Explains how the council works with others on biodiversity issues, climate change, waterways issues and what the waterways partnership is.
The East Riding of Yorkshire Biodiversity Action Plan (ERYBAP) sets out how we will work with our partners to conserve and enhance biodiversity in the East Riding. A lot of work has gone into producing this document which has been consulted on with local specialists, naturalists and with the public. As a partnership document, its success will be down to the participation and enthusiasm of the people involved.
The East Riding of Yorkshire Biodiversity Partnership has over 130 members, all of whom are individuals and organisations with a shared interest in biodiversity. The Partnership exists to develop and adopt the Species and Habitat Action Plans of the East Riding of Yorkshire Biodiversity Action Plan (ERYBAP), and to then implement the actions through the delivery of local biodiversity projects. A central role of the Partnership is to promote and raise awareness of the importance of biodiversity in the East Riding, and to get others involved with implementing the ERYBAP.
Systems developed as part of the council's Eco-Management Audit Scheme (EMAS) and Environmental Policy are used to deliver improvements for biodiversity. These improvements will allow the council to take forward many of the priorities within the ERYBAP.
Read more about EMAS.
Our approach to working with partner organisations, residents and businesses on climate change adaptation and mitigation is outlined in our Environmental Policy.
We work with organisations like Your Climate (Climate Change Partnership for Yorkshire and Humber), Humber Emergency Planning Service, Humber Environmental Managers’ Network and the Energy Saving Trust, plus other local authorities from across Yorkshire and the Humber where appropriate.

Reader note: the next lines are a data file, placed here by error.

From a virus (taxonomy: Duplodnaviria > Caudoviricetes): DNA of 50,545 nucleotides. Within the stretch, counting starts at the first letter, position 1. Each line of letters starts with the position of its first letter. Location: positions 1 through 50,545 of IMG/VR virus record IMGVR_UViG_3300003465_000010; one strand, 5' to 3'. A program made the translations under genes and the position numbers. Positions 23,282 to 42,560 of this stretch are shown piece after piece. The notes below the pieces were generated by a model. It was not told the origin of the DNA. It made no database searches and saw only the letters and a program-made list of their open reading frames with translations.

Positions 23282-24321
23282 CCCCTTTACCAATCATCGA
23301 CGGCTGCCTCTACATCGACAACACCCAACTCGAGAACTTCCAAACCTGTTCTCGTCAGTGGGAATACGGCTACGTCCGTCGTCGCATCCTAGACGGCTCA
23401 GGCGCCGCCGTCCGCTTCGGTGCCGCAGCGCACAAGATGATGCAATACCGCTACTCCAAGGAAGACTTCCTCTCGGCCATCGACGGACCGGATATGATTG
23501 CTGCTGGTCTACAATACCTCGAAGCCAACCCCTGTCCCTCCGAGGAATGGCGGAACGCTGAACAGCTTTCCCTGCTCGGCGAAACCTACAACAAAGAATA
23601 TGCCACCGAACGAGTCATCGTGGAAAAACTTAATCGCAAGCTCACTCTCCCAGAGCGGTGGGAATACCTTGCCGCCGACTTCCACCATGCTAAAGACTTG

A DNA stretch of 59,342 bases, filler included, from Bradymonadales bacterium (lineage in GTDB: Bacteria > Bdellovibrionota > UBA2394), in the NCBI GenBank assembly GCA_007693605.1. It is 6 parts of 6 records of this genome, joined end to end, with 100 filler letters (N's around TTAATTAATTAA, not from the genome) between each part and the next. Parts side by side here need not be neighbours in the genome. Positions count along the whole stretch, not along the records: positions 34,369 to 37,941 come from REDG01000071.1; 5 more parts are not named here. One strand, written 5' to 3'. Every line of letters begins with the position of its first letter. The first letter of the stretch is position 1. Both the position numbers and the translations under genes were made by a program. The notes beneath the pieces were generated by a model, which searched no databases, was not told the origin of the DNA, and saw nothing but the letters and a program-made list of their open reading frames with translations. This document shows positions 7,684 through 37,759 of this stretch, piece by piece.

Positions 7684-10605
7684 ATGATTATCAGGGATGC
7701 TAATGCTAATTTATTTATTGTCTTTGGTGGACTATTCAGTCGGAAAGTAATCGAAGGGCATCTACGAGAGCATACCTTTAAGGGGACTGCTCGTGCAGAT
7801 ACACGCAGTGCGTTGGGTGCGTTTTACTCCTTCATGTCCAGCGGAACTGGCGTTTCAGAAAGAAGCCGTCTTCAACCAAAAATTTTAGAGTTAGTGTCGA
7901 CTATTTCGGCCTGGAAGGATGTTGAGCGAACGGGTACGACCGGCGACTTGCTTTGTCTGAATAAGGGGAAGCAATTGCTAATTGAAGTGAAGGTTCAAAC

We work in partnership with public, private, community and voluntary organisations to manage, develop, enhance and promote our waterways so that they contribute to economic, environmental and social regeneration. This work is primarily undertaken through the East and North Yorkshire Waterways Partnership.
The East and North Yorkshire Waterways Partnership was established in 2011 to bring together different organisations with an interest in the area’s waterways and develop a collaborative approach to their economic, environmental and social regeneration.
The partnership is governed by an agreed constitution which formalises its structure and working processes. Central to this are the Executive Committee and Joint Forum.
The partnership’s structure and operating area have been developed through inclusive consultation. Membership includes a range organisations from the public, private, community and voluntary sectors. Since its creation the partnership has been driven by a strong, enthusiastic and committed group of community volunteers, whose significant involvement with the partnership continues.
For more information, please visit the Waterways Partnership website:
www.waterwayspartnership.co.uk (external website)
Inland waterways were a core strand of the Rural Development Programme for England (RDPE) CWWW LEADER programme, which covered a large rural area in the East Riding of Yorkshire, as well as, Ryedale and Scarborough districts of North Yorkshire. During 2009/10, the LEADER programme funded consultants to work with statutory, voluntary and community agencies to research the waterways within its area and to establish the foundations for an effective partnership between the various interests. In 2011, the East Riding and North Yorkshire Waterways Partnership was established to encourage public, private, community and voluntary organisations to work together and develop our waterways so they contribute to economic, environmental and social regeneration.
Please visit the Rural Programmes website for more information on the LEADER CWWW programme:
http://www.ruralprogrammeseastyorkshire.co.uk/ (external website)